Reliability and the SEC's Whistle-Blower Program

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Joseph  Boryshansky Sofie Syed

By Joseph Boryshansky and Sofie Syed

Joseph Boryshansky is a partner in the litigation practice at Akin Gump Strauss Hauer & Feld LLP. He was formerly senior trial counsel in the SEC’s Enforcement Division and now focuses on representing financial institutions, investment management firms, and individuals in government enforcement and regulatory matters, internal investigations and contested litigation.

Sofie Syed is an associate in Akin Gump’s litigation practice.

Passed in July 2010, Section 922 of the Dodd-Frank Wall Street Reform and Consumer Protection Act authorized the Securities and Exchange Commission to pay monetary awards to whistleblowers who provide original information that leads to a successful enforcement action with more than $1 million in monetary sanctions. Awards may range from 10 to 30 percent of the sanctions, and to date have proven to be quite lucrative. Several awards have exceeded the $1 million mark, with the largest to date surpassing $30 million . If the financial incentives were not enough, the statute and the rules passed by the SEC under it strongly favor unhindered reporting. They permit whistleblowers to bypass the internal reporting mechanisms of their own organization, submit initial reports anonymously to the SEC, and enjoy broad anti-retaliation protection if the reported information has a “facially plausible” relationship to a possible securities law violation. The whistleblower, it is true, has to have a reasonable belief that the information relates to a possible securities law violation; frivolous submissions are ineligible for awards. However, in the overwhelming majority of cases this threshold appears relatively easy to satisfy, absent evidence of bad faith or an obvious misunderstanding by the whistleblower.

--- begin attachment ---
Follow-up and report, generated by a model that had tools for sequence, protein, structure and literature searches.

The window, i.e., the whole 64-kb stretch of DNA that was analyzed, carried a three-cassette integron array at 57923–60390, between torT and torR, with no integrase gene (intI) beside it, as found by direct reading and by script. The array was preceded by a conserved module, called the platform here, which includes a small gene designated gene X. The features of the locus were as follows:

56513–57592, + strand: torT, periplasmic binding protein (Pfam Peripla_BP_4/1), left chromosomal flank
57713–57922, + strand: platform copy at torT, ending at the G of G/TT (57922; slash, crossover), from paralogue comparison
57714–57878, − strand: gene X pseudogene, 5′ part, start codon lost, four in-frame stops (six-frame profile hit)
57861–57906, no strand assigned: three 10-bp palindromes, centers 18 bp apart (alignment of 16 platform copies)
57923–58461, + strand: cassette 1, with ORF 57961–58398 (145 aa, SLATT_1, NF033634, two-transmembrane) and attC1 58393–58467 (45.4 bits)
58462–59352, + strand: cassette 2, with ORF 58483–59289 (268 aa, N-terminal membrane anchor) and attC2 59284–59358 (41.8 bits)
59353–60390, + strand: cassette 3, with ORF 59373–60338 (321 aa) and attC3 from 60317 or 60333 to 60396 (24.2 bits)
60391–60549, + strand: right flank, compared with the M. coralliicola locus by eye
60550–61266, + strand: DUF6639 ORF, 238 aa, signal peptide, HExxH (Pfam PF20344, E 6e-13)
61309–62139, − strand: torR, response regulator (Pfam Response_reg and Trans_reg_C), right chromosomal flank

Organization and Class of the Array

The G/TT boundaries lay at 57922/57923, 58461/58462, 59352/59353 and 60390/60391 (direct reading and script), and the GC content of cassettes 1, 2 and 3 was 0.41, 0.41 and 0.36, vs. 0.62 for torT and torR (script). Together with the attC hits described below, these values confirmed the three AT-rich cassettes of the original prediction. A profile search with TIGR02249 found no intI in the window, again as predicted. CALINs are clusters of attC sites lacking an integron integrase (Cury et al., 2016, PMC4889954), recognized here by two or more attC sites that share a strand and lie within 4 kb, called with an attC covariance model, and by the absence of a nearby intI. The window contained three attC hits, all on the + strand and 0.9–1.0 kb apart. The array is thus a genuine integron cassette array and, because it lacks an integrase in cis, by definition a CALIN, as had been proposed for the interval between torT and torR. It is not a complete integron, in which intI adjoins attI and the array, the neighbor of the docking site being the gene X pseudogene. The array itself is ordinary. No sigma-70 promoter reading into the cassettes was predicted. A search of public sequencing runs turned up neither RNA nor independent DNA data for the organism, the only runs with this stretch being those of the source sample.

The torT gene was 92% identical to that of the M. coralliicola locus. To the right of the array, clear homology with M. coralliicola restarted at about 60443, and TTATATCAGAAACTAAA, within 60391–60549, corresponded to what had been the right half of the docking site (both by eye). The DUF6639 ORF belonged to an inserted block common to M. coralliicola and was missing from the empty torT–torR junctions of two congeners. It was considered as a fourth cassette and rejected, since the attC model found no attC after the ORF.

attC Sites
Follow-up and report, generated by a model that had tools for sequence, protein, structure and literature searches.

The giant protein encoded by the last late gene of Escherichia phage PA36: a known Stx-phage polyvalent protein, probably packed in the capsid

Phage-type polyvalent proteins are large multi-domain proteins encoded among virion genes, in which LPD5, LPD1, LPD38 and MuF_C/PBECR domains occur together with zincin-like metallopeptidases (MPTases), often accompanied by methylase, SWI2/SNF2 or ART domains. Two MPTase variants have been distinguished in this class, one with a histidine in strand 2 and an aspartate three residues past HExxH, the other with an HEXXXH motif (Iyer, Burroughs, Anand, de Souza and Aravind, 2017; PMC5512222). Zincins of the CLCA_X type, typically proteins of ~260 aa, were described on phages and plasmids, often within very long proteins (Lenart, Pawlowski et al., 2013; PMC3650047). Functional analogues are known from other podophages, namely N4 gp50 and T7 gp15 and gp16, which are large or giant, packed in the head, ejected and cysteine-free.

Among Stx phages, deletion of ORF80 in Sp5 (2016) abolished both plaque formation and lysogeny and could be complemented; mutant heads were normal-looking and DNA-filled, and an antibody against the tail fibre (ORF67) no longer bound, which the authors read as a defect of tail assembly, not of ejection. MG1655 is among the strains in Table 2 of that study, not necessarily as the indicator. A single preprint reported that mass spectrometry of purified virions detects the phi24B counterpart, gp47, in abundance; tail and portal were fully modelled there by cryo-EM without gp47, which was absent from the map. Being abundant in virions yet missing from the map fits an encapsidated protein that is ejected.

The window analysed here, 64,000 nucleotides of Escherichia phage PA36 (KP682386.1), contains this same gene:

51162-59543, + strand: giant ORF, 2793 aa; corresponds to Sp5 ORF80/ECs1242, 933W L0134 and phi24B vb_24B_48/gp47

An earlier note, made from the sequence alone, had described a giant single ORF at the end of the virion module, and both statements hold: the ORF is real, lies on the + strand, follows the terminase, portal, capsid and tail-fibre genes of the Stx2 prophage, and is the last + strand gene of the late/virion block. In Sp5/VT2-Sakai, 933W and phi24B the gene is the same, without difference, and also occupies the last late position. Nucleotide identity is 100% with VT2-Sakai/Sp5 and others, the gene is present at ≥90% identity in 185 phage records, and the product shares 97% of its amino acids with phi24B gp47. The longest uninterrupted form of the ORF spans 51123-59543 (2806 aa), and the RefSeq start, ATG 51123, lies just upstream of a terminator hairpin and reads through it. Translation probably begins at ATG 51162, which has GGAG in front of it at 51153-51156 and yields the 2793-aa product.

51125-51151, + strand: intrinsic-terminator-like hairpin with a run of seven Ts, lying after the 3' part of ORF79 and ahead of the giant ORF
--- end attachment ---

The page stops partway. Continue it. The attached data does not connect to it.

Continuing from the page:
Other than the administrative cost of processing reports, submissions that lack merit appear to have rather limited impact on the SEC. Yet they pose a substantial threat to firms operating in the securities industry. Section 922 and the SEC rules under it require no relationship between the information reported and the whistleblower's job remit, responsibilities, or expertise. Employees may therefore report—indeed, are financially incentivized to investigate and report—information that might appear suspicious to them due to their lack of understanding or experience with the subject matter. The misunderstanding may not come to light until well into the throes of an SEC investigation, after the whistleblower's employer has spent substantial sums to face a probe by its regulator. Relatedly, the incentives of an award, the right to circumvent internal reporting, and the broad anti-retaliation protection provide a license to invoke the specter of whistle blowing to gain leverage in employment negotiations—most commonly, perhaps, when an employee is separating from her firm. Even a firm that is extremely confident in its controls and practices would likely think very carefully before ignoring a veiled threat of whistle blowing and facing an SEC investigation.

To a degree, every whistleblower program has the potential to disrupt the sanctity of the principal-agent fiduciary relation between the employer and employee. The incentives created by the SEC's program, which might encourage an opportunistic employee to pry into her firm's activities with a view to obtaining a monetary award, could ultimately erode the trust between employers and employees. This erosion may undercut some of the broader goals of the SEC's regulatory program, by encouraging firms to adopt controls to limit access to information to employees when a freer flow of information might be beneficial to the firm and its clients.